<h2>Amy Abernethy, MD</h2>
Oncologist, researcher and associate professor at Duke University Schools of Medicine and Nursing, Abernethy is on leave from Duke and working as chief medical officer at cloud-based oncology company Flatiron in New York City. She is convinced that the response to cancer resides in the data.
The issue is getting the data organized and structured in a way that you can truly use it for a series of problem-solving activities," she said. "It has been the bottleneck – in cancer, but in many other places," she told Healthcare IT News last year. "And, Flatiron was the opportunity to try and solve that problem with top-notch engineering talent, and with enough capital to actually do it – and do it at scale."
<h2>Philip E. Bourne</h2>
Bourne, a health informatics researcher, is the first permanent associate director for data science at the National Institutes of Health, where he manages the Big Data to Knowledge project, or BD2K.
As described by NIH, The BD2K initiative addresses four major aims that, in combination, are meant to enhance the utility of biomedical big data: to facilitate broad use of biomedical digital assets by making them discoverable, accessible and citable; to conduct research and develop the methods, software and tools needed to analyze biomedical big data: to enhance training in the development and use of methods and tools necessary for biomedical big data science; to support a data ecosystem that accelerates discovery as part of a digital enterprise.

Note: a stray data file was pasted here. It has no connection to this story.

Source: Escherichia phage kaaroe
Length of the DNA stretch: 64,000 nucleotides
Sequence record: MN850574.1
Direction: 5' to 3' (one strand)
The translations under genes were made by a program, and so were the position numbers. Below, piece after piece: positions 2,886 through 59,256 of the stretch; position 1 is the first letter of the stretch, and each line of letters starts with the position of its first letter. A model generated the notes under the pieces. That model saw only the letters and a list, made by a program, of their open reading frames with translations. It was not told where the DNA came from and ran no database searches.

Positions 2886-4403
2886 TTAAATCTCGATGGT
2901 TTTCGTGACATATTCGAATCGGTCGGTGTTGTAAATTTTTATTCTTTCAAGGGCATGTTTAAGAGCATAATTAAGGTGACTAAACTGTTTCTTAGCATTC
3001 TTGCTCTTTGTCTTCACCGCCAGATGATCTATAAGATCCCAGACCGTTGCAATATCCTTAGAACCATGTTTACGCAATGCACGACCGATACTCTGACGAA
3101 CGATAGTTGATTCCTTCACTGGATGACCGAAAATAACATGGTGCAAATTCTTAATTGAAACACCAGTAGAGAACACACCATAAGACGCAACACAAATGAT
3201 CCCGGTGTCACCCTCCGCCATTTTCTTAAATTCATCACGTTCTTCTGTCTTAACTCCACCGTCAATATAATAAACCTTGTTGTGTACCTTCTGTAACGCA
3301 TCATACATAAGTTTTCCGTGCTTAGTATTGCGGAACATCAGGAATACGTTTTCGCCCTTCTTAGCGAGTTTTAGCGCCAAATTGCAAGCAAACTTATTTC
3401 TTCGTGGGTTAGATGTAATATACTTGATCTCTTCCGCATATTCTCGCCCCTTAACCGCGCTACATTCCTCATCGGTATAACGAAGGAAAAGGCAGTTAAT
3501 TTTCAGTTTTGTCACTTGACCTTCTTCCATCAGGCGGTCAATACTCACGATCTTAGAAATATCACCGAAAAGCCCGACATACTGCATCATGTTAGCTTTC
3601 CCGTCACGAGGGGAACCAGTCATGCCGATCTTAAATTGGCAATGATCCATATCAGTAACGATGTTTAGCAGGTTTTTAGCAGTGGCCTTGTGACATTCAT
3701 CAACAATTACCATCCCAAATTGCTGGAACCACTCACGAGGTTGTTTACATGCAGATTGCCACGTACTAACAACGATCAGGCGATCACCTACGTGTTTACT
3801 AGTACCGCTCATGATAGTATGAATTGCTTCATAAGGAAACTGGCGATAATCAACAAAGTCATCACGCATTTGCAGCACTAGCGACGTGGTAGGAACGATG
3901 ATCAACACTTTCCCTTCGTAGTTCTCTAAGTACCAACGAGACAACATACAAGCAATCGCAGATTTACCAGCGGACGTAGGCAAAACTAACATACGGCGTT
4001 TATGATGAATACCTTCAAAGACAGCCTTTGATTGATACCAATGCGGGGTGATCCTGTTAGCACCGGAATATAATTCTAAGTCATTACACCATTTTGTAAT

Brennan is the first chief data officer at the Centers for Medicare & Medicaid Services. In this new position Brennan is expected to identify ways the agency can best use the data it has, and it has a vast amount. Previously he served as acting director of CMS' Offices of Enterprise Management.
Burton is CEO of Salt Lake City-based Health Catalyst. With its sights set on an IPO in a couple of years, the company appears to be well positioned to go gangbusters with its data warehousing and analytics. Clients include Allina Health – now a shared-risk partner in the company. Among other big-name clients are Kaiser Permanente and Boston-based Partners HealthCare.